“I look at the market in Zimbabwe and Africa. We’re not there yet…the disposable income is not there yet for you to pay a monthly subscription amount. So we’ve gotta be really creative about what type of products we create and how we serve the community that we serve. So it’s that balance.”

“I’m always thinking about, hang on, is this how people consume news?…What is it about Netflix that makes us subscribers? And I realized that it’s because they’ve given you a product that you can control.”

“Obviously people are cost conscious in a country like this, you know, so someone buys their bundle for the month or whatever, and they use it. And so in those closed communities, you know, I pop in, “Hey guys, I’ve got a question or we want to do this. What do you think?” And so I ask the audience.”

“So how do we get the subscriber to pay, you know, a small amount to receive the news everyday via SMS for someone who isn’t on the internet? Because we mustn’t forget about that person, you know? So that’s literally what the SMS product is about.”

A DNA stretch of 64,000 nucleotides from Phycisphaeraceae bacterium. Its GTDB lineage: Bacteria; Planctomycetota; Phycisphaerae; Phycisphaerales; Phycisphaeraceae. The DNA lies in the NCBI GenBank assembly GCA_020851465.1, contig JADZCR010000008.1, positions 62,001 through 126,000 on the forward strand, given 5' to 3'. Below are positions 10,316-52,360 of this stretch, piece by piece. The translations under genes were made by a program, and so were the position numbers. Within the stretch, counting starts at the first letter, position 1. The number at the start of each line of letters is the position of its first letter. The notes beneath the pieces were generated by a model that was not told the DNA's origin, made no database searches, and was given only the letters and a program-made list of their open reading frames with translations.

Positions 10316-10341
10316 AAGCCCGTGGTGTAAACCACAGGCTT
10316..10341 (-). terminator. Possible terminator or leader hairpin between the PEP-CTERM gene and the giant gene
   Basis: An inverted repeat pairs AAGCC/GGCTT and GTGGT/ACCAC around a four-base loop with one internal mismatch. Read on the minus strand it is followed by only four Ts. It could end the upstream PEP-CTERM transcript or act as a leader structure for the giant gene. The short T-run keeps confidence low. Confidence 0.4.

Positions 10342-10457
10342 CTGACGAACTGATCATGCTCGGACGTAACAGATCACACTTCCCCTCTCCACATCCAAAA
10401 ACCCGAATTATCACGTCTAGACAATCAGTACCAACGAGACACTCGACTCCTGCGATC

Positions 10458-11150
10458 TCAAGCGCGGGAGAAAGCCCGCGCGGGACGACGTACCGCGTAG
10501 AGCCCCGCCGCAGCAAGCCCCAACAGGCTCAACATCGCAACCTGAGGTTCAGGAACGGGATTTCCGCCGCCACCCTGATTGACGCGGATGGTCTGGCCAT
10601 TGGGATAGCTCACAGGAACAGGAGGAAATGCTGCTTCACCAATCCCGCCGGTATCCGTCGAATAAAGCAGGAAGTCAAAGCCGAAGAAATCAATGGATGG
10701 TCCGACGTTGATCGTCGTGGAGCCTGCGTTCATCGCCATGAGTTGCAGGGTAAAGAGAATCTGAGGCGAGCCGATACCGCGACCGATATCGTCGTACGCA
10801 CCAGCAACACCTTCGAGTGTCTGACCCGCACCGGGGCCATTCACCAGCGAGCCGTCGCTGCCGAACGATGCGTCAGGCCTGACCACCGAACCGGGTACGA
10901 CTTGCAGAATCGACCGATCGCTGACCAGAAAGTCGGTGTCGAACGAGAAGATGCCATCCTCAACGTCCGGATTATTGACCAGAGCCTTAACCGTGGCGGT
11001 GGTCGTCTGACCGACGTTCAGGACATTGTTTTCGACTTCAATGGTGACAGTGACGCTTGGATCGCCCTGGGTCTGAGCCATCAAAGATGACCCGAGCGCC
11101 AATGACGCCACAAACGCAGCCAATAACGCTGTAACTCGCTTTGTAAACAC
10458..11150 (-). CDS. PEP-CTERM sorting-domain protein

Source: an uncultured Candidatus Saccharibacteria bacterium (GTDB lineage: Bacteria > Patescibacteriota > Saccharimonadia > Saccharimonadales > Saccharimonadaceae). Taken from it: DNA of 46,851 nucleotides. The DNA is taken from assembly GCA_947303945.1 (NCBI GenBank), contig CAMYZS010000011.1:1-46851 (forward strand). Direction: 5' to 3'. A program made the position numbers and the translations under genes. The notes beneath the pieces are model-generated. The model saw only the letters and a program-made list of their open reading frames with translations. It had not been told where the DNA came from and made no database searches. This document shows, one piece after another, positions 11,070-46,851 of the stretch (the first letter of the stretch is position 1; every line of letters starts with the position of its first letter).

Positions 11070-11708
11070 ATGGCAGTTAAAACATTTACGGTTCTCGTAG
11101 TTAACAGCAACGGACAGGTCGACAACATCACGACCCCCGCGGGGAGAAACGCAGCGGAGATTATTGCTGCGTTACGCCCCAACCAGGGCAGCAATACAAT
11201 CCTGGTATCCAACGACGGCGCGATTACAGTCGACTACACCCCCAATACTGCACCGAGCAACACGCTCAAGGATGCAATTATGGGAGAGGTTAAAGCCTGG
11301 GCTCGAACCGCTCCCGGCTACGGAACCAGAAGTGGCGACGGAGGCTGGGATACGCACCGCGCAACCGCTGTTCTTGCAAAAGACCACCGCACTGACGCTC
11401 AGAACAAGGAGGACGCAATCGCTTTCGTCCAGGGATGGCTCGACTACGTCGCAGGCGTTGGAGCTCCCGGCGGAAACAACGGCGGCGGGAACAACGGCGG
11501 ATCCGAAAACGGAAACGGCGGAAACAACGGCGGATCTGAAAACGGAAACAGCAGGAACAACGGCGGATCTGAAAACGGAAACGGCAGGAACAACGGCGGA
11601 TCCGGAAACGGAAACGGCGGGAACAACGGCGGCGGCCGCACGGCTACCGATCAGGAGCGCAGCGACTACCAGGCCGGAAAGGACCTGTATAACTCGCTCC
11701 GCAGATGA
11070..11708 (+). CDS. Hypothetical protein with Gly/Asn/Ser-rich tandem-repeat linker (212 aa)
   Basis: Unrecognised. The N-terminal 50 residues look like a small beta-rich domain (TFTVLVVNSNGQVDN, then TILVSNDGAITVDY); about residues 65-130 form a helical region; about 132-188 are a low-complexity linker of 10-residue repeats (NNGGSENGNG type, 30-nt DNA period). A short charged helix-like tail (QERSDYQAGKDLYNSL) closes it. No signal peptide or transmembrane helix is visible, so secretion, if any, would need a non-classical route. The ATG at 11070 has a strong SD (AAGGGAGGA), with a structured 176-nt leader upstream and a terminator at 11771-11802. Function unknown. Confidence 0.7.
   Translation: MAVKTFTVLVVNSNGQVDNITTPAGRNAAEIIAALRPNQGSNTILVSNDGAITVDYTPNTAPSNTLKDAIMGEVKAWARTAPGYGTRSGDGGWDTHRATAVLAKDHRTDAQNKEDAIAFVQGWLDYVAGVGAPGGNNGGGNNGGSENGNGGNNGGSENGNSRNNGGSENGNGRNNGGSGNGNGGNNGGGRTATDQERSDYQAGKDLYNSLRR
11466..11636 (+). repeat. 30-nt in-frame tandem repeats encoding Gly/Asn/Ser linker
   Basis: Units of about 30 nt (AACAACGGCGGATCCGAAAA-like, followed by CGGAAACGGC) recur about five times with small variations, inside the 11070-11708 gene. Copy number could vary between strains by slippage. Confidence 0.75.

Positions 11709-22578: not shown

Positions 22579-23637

“Every dollar counts, you can’t rely on one sector and you can’t rely on one revenue stream, which is also very important, which is why the push to create products is also there because you need to create a newsletter as a new product. That’s another revenue stream, you know, it might be 2 percent, but it’s still revenue.”

Source for information and views in this case study: Interview with Nigel Mugamu, founder, 263Chat.com.

This story is part of IPI’s Local Journalism Project. The publication of these case studies – part of IPI’s wider work mapping, networking and supporting quality innovative media serving local communities – is supported by the Friedrich Naumann Foundation.